A sexual dysfunction can be defined as any condition, organic or psychological, that interferes with an individual’s or couple’s ability to achieve sexual satisfaction.
The range of sexual dysfunctions is great. Many disorders, however, can be divided into four main areas:
- problems with sexual desire,
- problems with sexual arousal,
- difficulty achieving an orgasm or
- having a painful sexual experience. Any of these categories of sexual dysfunction can have physical and/or psychological components.
Difficulties in feeling sexual desire (or loss of libido) can affect either gender. It can be due to interpersonal issues, depression, medications, drug or alcohol use or to a hormonal deficiency. Even women need a small amount of testosterone in their bodies to feel a sense of sexual desire. In older women, the gradual decrease in estrogen they experience can affect libido. Members of either sex can develop a loss of libido simply by having another type of sexual dysfunction that makes the idea of having sex seem unappealing.
Either gender can have problems with sexual arousal. In women, the condition was once called frigidity. In men, the terms impotence or erectile dysfunction are used to describe the inability to obtain sexual arousal resulting in an erection. The causes can be the same as those that cause problems with sexual desire. In men, however, erectile dysfunction is often physical and can be related to diabetes, blood vessel disease, nerve damage or penile trauma. Psychological factors, too, such as anxiety, can play a role in developing this condition.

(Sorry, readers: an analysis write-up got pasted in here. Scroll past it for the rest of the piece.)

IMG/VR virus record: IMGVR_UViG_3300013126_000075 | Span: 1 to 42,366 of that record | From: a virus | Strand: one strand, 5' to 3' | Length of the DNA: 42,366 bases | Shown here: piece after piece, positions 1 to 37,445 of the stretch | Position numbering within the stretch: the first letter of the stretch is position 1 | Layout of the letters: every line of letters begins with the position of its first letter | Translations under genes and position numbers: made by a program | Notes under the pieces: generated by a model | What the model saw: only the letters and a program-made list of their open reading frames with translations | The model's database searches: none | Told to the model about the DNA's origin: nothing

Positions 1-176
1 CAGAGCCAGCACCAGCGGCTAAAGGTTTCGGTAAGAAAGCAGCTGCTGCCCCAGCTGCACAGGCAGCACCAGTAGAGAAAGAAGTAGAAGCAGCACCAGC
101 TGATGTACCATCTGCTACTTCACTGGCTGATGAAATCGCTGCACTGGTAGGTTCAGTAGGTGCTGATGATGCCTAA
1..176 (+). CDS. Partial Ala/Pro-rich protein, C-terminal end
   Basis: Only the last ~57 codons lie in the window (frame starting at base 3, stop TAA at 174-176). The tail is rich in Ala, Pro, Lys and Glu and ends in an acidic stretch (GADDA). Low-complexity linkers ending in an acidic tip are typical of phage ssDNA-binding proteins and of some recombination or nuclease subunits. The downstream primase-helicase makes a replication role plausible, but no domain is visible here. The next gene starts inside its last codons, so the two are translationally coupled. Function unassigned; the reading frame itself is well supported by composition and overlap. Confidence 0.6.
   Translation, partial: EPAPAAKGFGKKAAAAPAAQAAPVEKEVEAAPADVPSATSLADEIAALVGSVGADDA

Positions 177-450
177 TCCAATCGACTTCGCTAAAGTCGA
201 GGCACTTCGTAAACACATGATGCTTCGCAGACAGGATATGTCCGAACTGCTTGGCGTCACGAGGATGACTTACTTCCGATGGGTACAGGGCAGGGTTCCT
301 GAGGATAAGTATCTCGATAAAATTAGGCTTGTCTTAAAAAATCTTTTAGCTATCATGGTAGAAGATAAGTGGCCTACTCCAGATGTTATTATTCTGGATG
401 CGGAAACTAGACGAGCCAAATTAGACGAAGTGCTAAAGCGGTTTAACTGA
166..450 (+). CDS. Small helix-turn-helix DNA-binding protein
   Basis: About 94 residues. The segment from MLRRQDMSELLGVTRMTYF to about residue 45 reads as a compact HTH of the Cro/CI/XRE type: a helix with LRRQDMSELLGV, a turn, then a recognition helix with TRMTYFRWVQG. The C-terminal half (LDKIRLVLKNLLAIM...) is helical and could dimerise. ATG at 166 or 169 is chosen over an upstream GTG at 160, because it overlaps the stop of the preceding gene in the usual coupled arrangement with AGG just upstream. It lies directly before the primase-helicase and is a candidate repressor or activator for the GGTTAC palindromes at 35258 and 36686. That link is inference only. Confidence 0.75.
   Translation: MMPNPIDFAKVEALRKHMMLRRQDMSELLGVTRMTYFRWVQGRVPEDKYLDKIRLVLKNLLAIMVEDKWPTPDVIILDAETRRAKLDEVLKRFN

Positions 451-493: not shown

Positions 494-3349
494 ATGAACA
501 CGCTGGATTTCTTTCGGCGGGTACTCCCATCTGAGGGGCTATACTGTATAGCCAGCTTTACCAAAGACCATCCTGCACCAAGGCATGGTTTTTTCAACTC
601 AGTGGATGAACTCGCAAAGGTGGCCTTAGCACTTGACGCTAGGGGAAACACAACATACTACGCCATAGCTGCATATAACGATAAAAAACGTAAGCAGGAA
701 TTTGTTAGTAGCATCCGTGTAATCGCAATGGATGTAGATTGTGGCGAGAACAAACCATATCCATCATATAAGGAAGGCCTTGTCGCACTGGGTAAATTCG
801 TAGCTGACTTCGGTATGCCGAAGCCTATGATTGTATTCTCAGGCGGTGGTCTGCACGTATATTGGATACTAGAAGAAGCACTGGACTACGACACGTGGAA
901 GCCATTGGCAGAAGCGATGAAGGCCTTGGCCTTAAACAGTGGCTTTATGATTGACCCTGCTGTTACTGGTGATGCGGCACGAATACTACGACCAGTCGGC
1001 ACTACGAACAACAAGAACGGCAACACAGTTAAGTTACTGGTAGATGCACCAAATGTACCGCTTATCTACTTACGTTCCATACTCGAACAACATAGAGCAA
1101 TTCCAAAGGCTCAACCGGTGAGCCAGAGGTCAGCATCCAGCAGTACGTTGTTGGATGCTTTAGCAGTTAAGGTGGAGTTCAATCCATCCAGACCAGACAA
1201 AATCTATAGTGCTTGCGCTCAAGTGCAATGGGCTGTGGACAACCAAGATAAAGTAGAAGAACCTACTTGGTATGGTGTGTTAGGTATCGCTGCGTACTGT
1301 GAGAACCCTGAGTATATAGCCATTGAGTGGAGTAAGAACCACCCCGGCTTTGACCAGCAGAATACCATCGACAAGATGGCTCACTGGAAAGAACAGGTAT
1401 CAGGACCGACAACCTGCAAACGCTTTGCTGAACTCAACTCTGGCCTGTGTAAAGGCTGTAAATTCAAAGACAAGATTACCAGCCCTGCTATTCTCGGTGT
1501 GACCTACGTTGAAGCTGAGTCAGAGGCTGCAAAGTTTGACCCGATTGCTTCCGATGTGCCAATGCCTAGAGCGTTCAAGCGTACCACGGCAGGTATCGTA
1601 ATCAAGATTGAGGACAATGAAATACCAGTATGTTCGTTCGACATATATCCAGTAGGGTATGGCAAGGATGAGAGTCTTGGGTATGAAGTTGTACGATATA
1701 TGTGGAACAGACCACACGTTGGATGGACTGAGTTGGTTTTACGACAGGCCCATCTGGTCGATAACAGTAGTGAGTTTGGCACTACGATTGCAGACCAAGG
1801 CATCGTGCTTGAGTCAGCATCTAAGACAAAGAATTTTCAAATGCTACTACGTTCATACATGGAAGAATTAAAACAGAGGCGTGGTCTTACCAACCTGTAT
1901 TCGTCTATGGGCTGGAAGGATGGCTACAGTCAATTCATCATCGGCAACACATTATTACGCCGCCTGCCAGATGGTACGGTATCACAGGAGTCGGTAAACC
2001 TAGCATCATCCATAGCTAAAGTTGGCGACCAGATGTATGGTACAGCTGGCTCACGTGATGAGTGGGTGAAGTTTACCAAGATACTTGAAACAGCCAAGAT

This kind of disorder involves the normal ability to become sexually aroused and stimulated but with a delay in or absence of an orgasm. This can be due to the couple lacking the knowledge of how to best stimulate one another or, in many cases, the use of certain drugs, most notably SSRI antidepressants.
Sexual Pain Disorders
Pain with sexual activity can affect men or women and can be physical or psychological in origin. Men with Peyronie’s disease (a curvature of the penis) can experience painful erections and painful intercourse. Normal women can find intercourse painful if they have insufficient lubrication, which, in turn, can be caused by low estrogen levels. Vaginismus is a condition involving involuntary spasms of the vagina that prevents intercourse or causes extreme pain with intercourse. This condition is believed to be caused by past psychological trauma. Another female disorder causing sexual pain is vulvodynia which is experienced as a burning pain in the vulvar area and which is worsened during sex. The exact cause is unknown.
While sexual dysfunction can affect anyone, there are two peak ages in which help is requested. Couples in their late twenties to thirties often seek help for a sexual dysfunction; in addition, older couples, often with medical problems, experience an increased incidence of sexual dysfunction.